“The information started flowing back. As soon as it came back I sent it to the Office of the Prosecutor,” he said.
Prosecutors disputed the attorney general’s arguments.
“If it is right that this court is satisfied that there is no explanation [or] proper excuse for this failure [of the government], it is a necessary step for this court to take to sanction that failure,” Gumpert said at the October 8 meeting, .
The prosecution said adjourning the trial for a fixed period was impossible since no one knew when it could proceed.
“The only realistic date is when the government of Kenya does what it is bound to do,” Gumpert said. “We don’t know when that date will be.”
Gumpert said that while he could not provide the legal justification for why judges should grant an indefinite adjournment, this should not prevent them from acting.
“Exceptional cases require the court to take exceptional measures,” he said. “The granting of an adjournment is something that is uncontroversially within the chamber’s power.”
EVIDENCE AGAINST KENYATTA
The prosecution sought to demonstrate that while its case was not currently strong enough to go to trial, it still had “a considerable body of evidence” against Kenyatta. Gumpert summarised the testimony of nine witnesses who would testify against Kenyatta and implicate him in the violence of 2007-08.
During the meeting, the legal representative of victims in the case argued that as head of state, Kenyatta was himself responsible for the lack of cooperation from his government. Fergal Gaynor said the president could simply order his government to provide the missing information.
“The accused has a constitutional obligation to ensure that the country meets its international obligations,” Gaynor said.
Kenyatta’s lawyer Steven Kay countered that his client could only be held responsible for the alleged non-compliance of the government if there was evidence that he had actively interfered in the investigation or in the provision of evidence. Prosecutors themselves said they had no such evidence.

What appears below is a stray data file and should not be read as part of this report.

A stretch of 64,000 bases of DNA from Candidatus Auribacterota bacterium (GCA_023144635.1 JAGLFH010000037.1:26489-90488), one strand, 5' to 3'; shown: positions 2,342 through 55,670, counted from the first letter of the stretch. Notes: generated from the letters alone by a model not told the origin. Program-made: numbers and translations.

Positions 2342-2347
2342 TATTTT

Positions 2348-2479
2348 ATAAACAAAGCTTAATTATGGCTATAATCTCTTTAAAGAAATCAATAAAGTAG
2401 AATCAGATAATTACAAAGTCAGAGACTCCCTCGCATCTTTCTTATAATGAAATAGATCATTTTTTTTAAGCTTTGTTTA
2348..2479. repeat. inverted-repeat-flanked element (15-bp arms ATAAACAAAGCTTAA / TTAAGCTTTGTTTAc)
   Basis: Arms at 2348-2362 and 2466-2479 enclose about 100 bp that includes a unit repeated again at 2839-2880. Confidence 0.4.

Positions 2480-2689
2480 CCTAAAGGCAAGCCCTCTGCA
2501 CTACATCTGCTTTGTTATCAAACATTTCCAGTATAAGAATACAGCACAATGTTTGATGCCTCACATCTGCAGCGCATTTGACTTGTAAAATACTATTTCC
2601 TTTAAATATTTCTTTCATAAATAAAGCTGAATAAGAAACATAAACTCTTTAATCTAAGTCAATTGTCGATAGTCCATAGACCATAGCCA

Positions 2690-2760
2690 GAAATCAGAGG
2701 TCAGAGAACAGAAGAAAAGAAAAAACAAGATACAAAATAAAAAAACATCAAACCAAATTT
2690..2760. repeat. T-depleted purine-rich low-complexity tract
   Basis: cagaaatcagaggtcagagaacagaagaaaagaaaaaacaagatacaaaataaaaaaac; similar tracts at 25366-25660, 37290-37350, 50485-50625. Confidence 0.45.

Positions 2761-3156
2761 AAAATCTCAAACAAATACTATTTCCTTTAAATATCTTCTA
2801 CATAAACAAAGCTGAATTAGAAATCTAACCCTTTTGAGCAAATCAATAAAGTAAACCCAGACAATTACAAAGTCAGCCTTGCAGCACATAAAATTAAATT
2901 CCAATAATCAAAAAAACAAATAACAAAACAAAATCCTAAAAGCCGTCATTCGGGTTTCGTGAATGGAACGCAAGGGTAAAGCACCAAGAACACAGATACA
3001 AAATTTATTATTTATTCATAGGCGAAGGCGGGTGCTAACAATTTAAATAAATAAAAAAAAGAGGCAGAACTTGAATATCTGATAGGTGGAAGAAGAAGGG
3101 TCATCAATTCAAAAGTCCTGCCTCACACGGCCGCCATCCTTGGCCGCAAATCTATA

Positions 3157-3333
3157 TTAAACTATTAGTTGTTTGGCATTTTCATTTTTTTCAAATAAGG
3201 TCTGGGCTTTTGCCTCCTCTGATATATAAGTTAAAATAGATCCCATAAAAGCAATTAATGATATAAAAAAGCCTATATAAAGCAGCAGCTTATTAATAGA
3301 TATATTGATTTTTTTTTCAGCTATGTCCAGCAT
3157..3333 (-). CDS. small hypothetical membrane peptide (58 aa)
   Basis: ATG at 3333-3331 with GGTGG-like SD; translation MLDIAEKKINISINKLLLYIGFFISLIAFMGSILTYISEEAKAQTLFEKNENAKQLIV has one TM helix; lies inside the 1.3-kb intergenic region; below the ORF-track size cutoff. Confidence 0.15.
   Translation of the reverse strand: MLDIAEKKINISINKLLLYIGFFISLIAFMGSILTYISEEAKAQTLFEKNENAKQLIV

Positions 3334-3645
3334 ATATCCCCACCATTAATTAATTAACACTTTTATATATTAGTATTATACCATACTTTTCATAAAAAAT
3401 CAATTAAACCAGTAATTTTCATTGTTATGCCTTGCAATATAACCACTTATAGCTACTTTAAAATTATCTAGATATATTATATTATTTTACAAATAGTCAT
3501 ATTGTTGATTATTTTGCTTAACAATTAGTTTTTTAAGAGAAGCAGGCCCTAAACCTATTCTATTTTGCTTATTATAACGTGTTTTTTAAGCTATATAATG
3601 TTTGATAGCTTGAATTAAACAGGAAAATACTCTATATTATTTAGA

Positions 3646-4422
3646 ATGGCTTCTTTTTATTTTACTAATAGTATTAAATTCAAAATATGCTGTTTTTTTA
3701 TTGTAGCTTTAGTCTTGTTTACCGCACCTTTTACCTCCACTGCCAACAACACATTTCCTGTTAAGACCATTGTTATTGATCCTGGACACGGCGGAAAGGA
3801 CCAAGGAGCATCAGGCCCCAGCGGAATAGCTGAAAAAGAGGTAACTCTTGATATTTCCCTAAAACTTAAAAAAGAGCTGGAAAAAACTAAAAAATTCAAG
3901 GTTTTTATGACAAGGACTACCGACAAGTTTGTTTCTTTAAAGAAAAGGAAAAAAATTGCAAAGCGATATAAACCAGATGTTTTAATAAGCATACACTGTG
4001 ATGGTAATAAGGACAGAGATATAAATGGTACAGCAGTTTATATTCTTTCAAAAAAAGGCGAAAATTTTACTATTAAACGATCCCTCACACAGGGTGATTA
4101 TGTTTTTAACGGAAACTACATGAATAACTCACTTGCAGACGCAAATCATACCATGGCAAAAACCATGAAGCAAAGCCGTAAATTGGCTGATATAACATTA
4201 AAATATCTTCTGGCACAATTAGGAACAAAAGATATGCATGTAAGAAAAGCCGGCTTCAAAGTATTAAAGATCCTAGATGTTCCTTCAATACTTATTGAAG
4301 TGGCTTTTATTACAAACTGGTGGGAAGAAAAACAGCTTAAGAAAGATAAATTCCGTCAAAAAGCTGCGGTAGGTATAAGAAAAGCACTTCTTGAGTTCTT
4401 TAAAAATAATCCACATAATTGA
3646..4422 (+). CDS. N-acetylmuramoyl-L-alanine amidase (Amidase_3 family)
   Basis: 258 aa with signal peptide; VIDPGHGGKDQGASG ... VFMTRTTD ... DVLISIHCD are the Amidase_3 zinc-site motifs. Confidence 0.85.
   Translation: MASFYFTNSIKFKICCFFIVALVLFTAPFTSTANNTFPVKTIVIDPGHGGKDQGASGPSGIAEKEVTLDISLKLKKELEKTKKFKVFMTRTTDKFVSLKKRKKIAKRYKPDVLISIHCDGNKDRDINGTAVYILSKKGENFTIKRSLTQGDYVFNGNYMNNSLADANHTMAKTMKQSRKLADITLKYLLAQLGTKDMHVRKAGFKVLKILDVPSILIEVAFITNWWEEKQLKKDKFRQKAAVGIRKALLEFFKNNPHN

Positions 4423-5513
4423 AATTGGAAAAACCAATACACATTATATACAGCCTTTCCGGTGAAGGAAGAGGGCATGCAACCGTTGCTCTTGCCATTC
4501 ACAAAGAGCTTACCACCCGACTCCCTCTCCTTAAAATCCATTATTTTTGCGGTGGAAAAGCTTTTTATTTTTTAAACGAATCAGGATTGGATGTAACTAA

Kenyatta’s legal team opposed any further adjournment of the case. Pointing to the lack of evidence against their client, they called for him to be acquitted. An acquittal – as opposed to a withdrawal of charges – would mean that he could not be tried for the same offences again in future.
Kay argued that when prosecutors asked for a delay last month, the trial had been about to begin. He said refusing his client an acquittal would be “an affront to common sense”, since “the first day of the trial didn’t actually happen”.
“The plug was pulled for the very reason that a trial could not take place,” he said.
Kay questioned why prosecutors could not go to trial if their evidence was as strong as they claimed. On their request for an indefinite adjournment, Kay said their portrayal of the strength of their evidence was a “scandalous misrepresentation of their case”.
Turning to the extent of the Kenyan government’s cooperation, Kay argued that it had taken “very active steps” to cooperate with ICC prosecutors and that – since the judges’ order in July – it had responded to prosecution requests.
He went on to argue that cooperation should not be measured simply by whether prosecutors now had the information they had asked for. Instead, he said, it was crucial to look at how prosecutors had framed its requests, the lengths to which various Kenyan institutions had gone to respond to them, and whether some of the requests could even be met.
“In our submission, this is a matter that this court should properly take into account – the nature of the response, what was requested, whether it was able to be performed and the answer that was given,” he said. “It wasn’t obstruction at all; it was the nature of the [prosecution] requests.”
This article was produced as part of a media development programme implemented by IWPR and Wayamo Communication Foundation.